2. 5 out of 5

    Rebekah

    I really debated on giving this three or four stars. It started out like a high school research paper- informative but not much heart behind it- but after the first two chapters or so the writing style improved as it got more detailed into the life and works of C. S. Lewis and how the Inklings were such an impact on his life. I quite enjoyed it all by the end. Overall a good read!

  3. 4 out of 5

    Katherine

    Was there any chance I WOULDN'T love this book? No. It's always a delightful experience to read about the life of C.S. Lewis and the friends and books he loved. In that vein, this book provided me with many titles of other things to read and I ALWAYS appreciate that in a book! The only question I have is whether my sister has made a grave error in lending me this one. Will she ever see it again? ;) Was there any chance I WOULDN'T love this book? No. It's always a delightful experience to read about the life of C.S. Lewis and the friends and books he loved. In that vein, this book provided me with many titles of other things to read and I ALWAYS appreciate that in a book! The only question I have is whether my sister has made a grave error in lending me this one. Will she ever see it again? ;)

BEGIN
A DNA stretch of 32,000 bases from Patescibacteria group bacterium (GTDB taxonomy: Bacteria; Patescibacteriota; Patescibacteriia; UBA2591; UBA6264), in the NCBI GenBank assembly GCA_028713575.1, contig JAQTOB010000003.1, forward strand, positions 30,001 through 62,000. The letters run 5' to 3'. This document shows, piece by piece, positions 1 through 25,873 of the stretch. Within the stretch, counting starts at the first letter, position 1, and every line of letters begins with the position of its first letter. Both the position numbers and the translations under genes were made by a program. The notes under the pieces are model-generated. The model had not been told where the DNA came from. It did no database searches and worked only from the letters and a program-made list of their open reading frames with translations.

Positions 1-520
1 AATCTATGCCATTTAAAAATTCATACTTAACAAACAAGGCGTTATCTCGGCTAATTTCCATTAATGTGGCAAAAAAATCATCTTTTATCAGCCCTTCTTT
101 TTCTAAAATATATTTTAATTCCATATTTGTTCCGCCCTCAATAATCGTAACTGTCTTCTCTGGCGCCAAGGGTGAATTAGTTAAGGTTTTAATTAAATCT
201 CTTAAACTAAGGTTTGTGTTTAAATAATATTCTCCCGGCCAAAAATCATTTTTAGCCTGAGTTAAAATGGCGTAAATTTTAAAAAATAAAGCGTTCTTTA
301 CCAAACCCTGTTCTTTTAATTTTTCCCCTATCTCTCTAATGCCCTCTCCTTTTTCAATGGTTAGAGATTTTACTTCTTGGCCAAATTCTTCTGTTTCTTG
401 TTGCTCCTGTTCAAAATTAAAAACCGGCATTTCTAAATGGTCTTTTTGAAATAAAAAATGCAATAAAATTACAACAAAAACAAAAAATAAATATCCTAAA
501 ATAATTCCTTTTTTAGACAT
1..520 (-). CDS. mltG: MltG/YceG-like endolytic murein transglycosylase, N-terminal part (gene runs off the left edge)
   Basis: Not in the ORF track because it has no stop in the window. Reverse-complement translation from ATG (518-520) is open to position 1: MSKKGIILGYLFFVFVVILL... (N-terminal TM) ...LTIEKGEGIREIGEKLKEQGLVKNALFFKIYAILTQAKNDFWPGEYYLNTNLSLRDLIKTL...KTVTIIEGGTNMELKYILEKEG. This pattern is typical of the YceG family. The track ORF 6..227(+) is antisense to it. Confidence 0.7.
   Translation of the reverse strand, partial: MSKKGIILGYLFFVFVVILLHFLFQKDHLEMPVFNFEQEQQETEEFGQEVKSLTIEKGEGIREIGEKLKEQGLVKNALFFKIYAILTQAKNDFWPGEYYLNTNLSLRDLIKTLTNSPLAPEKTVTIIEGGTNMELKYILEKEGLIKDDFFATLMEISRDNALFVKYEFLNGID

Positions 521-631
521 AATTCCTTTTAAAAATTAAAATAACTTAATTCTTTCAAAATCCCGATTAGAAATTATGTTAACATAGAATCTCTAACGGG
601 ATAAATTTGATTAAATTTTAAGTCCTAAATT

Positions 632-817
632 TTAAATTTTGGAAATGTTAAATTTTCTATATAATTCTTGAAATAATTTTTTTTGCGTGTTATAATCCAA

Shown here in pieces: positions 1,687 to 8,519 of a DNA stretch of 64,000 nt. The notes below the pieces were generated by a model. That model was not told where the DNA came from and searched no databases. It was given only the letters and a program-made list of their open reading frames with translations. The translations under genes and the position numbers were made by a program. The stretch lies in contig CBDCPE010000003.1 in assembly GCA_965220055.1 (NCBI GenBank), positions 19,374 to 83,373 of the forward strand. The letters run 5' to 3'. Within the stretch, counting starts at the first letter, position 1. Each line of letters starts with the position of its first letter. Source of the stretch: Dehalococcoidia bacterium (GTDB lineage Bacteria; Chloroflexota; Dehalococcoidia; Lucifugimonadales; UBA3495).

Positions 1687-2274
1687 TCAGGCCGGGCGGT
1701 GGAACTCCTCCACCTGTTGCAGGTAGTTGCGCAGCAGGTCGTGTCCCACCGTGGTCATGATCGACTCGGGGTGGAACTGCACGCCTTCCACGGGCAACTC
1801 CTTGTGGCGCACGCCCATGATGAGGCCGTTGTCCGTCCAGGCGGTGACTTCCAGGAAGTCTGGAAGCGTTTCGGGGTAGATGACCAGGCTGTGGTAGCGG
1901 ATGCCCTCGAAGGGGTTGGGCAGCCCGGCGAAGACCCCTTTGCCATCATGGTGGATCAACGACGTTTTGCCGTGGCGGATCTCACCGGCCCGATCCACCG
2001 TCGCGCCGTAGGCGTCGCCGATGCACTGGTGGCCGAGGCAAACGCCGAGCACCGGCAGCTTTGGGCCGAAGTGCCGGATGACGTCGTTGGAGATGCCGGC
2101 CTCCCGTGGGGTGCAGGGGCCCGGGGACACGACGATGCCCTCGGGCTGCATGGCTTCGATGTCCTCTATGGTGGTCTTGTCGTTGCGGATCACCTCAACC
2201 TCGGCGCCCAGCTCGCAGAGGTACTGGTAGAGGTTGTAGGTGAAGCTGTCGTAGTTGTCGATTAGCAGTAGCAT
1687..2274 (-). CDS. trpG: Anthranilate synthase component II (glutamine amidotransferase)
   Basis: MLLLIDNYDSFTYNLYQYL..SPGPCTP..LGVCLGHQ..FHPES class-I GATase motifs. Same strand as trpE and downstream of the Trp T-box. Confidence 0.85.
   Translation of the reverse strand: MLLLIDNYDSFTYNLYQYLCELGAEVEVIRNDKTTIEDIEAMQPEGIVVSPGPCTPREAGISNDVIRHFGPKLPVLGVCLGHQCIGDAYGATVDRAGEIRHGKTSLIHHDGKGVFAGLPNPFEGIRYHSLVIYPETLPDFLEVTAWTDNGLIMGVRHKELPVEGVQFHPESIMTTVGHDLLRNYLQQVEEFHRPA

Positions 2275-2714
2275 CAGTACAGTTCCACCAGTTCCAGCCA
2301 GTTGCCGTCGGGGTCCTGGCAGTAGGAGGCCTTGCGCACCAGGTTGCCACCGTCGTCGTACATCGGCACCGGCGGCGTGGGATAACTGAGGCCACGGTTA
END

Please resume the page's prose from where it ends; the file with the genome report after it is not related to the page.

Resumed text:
4. 4 out of 5

    Annie Booker

    Wonderful book. Describes the details of his close friendships with people like JRR Tolkien, Charles Williams and Owen Barfield and probably his most important relationships - with his brother Warnie and his wife, joy Davidman.

  5. 4 out of 5

    Tara

    Mr. Duriez was the gentleman who gave us a kind and informational tour at The Kilns outside of Oxford on 3 March, 2020. His scholarship is impeccable and his words generous and articulate. I very much enjoyed this biography in light of Lewis’ friendships and learned much that I didn’t know before (though that is probably due to my ignorance and lack of study). From Colin I learned— through both the tour and this text— that there is much in this world that is un-Googleable and there is also much Mr. Duriez was the gentleman who gave us a kind and informational tour at The Kilns outside of Oxford on 3 March, 2020. His scholarship is impeccable and his words generous and articulate. I very much enjoyed this biography in light of Lewis’ friendships and learned much that I didn’t know before (though that is probably due to my ignorance and lack of study). From Colin I learned— through both the tour and this text— that there is much in this world that is un-Googleable and there is also much to be said for studying source materials, whether that entails a visit to Ireland or to Warnie’s manuscripts at Wheaton’s library. I also learned that my impression of Lewis is through the eyes of Colin—what touched him in particular, or where the intersections of his interests and Lewis’ life met. I found this is something to be cherished and noticed across the many topics I find myself absorbing secondhand. It also was enough to encourage and challenge me to discern the topics I am interested in pursuing and absorbing firsthand in the years and days to come.

  6. 5 out of 5

    Michal Čop